Sunday, January 1, 2023
Last June, in the consolidated cases of Ruan v. United States and Kahn v. United States, the U.S. Supreme Court considered the mens rea required to convict a physician charged with illegal distribution of narcotics under the Controlled Substances Act. The Court held that: "After a defendant produces evidence that he or she was authorized to dispense controlled substances, the Government must prove beyond a reasonable doubt that the defendant knew that he or she was acting in an unauthorized manner, or intended to do so." A health care professional acts in an authorized manner under statute's controlling regulation when he or she acts in the "usual course of professional practice for a legitimate medical purpose." The vote was 9-0 on the need to reverse the judgments of the 11th Circuit (in Ruan) and the 10th Circuit (in Kahn), because both courts "evaluated the jury instructions under an incorrect understanding of [Title 18 U.S. Code] §841's scienter requirements," but the vote was 6-3 on the majority's specific holding. Justice Alito, joined by Justice Thomas and, far the most part, Justice Barrett, concurred in the result only. They did not join the majority's holding that, once the defendant meets the burden of producing any evidence that he or she was authorized to write prescriptions, the burden of proving beyond a reasonable doubt that the defendant intended to act, or knew he or she was acting, "in an unauthorized manner" falls on the government. But all nine Justices agreed that at least a portion of the jury instructions in each trial were defective because they injected objective reasonableness requirements into their good faith definitions. The Court sent the cases back to their respective circuits to determine, under the correct scienter requirements, whether: 1) the offense instructions as a whole were correct as a matter of law, and 2) whether any error in the instructions was harmless.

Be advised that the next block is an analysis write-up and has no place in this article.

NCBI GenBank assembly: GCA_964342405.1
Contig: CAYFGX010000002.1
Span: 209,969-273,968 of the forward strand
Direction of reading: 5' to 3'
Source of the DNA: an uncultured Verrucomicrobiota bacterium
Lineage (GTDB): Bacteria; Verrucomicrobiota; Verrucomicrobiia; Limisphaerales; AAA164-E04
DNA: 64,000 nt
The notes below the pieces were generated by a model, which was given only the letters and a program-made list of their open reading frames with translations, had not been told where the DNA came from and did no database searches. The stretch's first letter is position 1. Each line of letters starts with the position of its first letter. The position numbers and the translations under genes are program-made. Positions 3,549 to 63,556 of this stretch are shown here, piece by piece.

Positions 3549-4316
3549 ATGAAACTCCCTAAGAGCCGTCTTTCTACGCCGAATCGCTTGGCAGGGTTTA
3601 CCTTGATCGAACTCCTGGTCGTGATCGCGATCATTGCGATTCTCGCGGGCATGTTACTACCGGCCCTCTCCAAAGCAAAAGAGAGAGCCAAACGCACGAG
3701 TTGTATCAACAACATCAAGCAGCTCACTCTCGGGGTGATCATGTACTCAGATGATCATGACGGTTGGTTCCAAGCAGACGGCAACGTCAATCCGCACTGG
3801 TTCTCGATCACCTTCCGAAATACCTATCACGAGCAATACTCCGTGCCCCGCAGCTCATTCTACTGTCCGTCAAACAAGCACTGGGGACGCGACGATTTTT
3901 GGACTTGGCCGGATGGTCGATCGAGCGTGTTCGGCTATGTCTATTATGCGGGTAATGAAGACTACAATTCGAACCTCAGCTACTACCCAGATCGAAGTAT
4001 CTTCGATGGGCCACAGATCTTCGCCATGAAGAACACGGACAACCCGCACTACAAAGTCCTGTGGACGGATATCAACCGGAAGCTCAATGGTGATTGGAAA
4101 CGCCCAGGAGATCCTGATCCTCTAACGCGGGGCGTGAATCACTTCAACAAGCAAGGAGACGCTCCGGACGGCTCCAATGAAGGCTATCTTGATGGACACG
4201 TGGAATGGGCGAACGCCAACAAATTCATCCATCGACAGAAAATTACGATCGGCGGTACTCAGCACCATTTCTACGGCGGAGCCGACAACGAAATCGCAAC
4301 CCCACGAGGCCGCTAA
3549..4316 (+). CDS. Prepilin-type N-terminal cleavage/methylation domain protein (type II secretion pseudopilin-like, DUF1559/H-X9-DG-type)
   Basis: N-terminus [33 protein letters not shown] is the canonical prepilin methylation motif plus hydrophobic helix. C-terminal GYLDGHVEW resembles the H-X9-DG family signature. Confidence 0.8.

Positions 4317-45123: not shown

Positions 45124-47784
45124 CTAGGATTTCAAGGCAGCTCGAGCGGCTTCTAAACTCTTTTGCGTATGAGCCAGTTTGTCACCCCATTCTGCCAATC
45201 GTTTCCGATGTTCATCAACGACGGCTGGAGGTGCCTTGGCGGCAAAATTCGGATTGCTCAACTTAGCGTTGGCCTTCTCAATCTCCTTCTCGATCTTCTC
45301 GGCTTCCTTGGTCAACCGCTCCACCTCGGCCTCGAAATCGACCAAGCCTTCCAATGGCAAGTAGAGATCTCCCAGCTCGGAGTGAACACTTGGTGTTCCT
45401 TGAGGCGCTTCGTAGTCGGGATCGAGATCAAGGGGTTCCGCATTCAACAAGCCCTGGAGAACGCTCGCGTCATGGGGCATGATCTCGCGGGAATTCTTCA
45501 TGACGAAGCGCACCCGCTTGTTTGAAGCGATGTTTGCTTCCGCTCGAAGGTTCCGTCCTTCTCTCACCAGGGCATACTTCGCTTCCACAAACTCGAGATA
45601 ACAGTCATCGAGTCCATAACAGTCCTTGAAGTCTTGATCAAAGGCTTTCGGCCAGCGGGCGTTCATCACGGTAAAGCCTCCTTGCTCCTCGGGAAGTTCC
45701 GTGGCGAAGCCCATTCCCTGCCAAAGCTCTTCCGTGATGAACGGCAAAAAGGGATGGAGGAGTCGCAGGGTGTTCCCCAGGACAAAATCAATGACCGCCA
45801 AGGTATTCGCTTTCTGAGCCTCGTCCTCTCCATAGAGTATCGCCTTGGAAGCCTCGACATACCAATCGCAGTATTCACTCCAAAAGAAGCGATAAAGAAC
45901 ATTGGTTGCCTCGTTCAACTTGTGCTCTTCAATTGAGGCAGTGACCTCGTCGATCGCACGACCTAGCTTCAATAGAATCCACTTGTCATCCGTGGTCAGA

The supplemental briefs and replies have now been filed in each case, and are attached below. In Ruan, the harmless error analysis is complicated by the defendant's conviction on counts other than illegal distribution. In Kahn, a key focus of the government and defense briefs is the difference, if any, between knowingly or intentionally acting in an unauthorized manner (that is, outside the usual course of professional practice without a legitimate medical purpose) and knowingly or intentionally acting outside or beneath the relevant standard of care. The government maintains that there is no difference between the two concepts, which is an extremely doubtful position in light of the language and reasoning of both the majority and concurring opinions. This issue is really the elephant in the room in the post-Ruan/Kahn world. The Supreme Court originally granted certiorari to resolve a circuit split, but a split still exists, because some circuit courts have long approved instructions equating standard of care with authorized practice, while others have held that an intentional violation of the standard of care is not the same as acting with no legitimate medical purpose outside the scope of a medical practice. Attached below are the briefs on remand in Ruan and Kahn.
Shakeel Kahn's Supplemental Brief on Remand U.S. v. Shakeel Kahn-Government's Supplemental Brief on Remand U.S. v. Shakeel Kahn-Appellant's Supplemental Reply Brief Ruan Supplemental Brief on Remand Ruan and Couch Supplemental Brief of Appellee United States Ruan CA11 Supplemental Reply Brief on Remand (10.13 final)